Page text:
PLOS ONE , 2013, DOI: 10.1371/journal.pone.0070736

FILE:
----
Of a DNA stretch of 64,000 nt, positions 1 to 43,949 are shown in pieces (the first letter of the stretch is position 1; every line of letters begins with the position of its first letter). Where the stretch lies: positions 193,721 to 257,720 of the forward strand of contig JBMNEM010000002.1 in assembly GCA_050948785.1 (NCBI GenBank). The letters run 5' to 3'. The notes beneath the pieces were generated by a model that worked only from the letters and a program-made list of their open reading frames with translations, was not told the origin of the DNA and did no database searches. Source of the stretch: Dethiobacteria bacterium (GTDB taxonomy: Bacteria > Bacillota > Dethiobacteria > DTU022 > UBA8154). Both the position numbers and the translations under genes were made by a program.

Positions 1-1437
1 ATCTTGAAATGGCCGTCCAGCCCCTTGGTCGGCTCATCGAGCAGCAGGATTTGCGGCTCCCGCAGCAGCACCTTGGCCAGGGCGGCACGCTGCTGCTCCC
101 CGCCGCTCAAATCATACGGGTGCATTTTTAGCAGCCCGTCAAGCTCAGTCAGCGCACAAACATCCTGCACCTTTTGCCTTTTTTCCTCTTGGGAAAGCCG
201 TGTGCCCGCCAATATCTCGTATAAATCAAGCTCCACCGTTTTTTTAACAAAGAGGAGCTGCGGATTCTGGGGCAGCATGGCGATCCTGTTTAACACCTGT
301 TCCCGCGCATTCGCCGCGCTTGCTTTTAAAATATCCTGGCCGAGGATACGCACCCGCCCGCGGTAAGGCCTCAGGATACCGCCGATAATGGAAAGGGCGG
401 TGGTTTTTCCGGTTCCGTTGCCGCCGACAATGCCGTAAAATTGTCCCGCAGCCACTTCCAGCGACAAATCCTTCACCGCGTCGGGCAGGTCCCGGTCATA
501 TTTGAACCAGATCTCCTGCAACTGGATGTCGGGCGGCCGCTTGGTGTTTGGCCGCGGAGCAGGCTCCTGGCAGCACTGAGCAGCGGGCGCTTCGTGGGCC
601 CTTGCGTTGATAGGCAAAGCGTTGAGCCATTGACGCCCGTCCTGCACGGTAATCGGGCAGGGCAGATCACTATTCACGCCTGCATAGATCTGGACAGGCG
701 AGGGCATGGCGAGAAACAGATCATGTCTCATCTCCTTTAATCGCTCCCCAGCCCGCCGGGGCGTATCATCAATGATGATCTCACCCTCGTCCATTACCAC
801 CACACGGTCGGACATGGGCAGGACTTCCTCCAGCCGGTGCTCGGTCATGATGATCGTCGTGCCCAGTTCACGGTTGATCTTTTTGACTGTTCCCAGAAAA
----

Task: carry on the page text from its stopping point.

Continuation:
Abstract: The activity of G protein-coupled receptors (GPCRs) is intricately regulated by a range of intracellular proteins, including G protein-coupled kinases (GRKs) and arrestins. Understanding the effects of ligands on these signaling pathways could provide insights into disease pathophysiologies and treatment. The dopamine D2 receptor is a GPCR strongly implicated in the pathophysiology of a range of neurological and neuropsychiatric disorders, particularly schizophrenia. Previous studies from our lab have shown the preclinical efficacy of a novel allosteric drug, 3(R)- [(2(S)-pyrrolidinylcarbonyl)amino]-2-oxo?-1-pyrrolidineacetamide(PAOPA), in attenuating schizophrenia-like behavioural abnormalities in rodent models of the disease. As an allosteric modulator, PAOPA binds to a site on the D2 receptor, which is distinct from the endogenous ligand-binding site, in order to modulate the binding of the D2 receptor ligand, dopamine. The exact signaling pathways affected by this allosteric modulator are currently unknown. The objectives of this study were to decipher the in vivo effects, in rats, of chronic PAOPA administration on D2 receptor regulatory and downstream molecules, including GRK2, arrestin-3 and extracellular receptor kinase (ERK) 1/2. Additionally, an in vitro cellular model was also used to study PAOPA’s effects on D2 receptor internalization. Results from western immunoblots showed that chronic PAOPA treatment increased the striatal expression of GRK2 by 41%, arrestin-3 by 34%, phospho-ERK1 by 51% and phospho-ERK2 by 36%. Results also showed that the addition of PAOPA to agonist treatment in cells increased D2 receptor internalization by 33%. This study provides the foundational evidence of putative signaling pathways, and changes in receptor localization, affected by treatment with PAOPA. It improves our understanding on the diverse mechanisms of action of allosteric modulators, while advancing PAOPA’s development into a novel drug for the improved treatment of schizophrenia.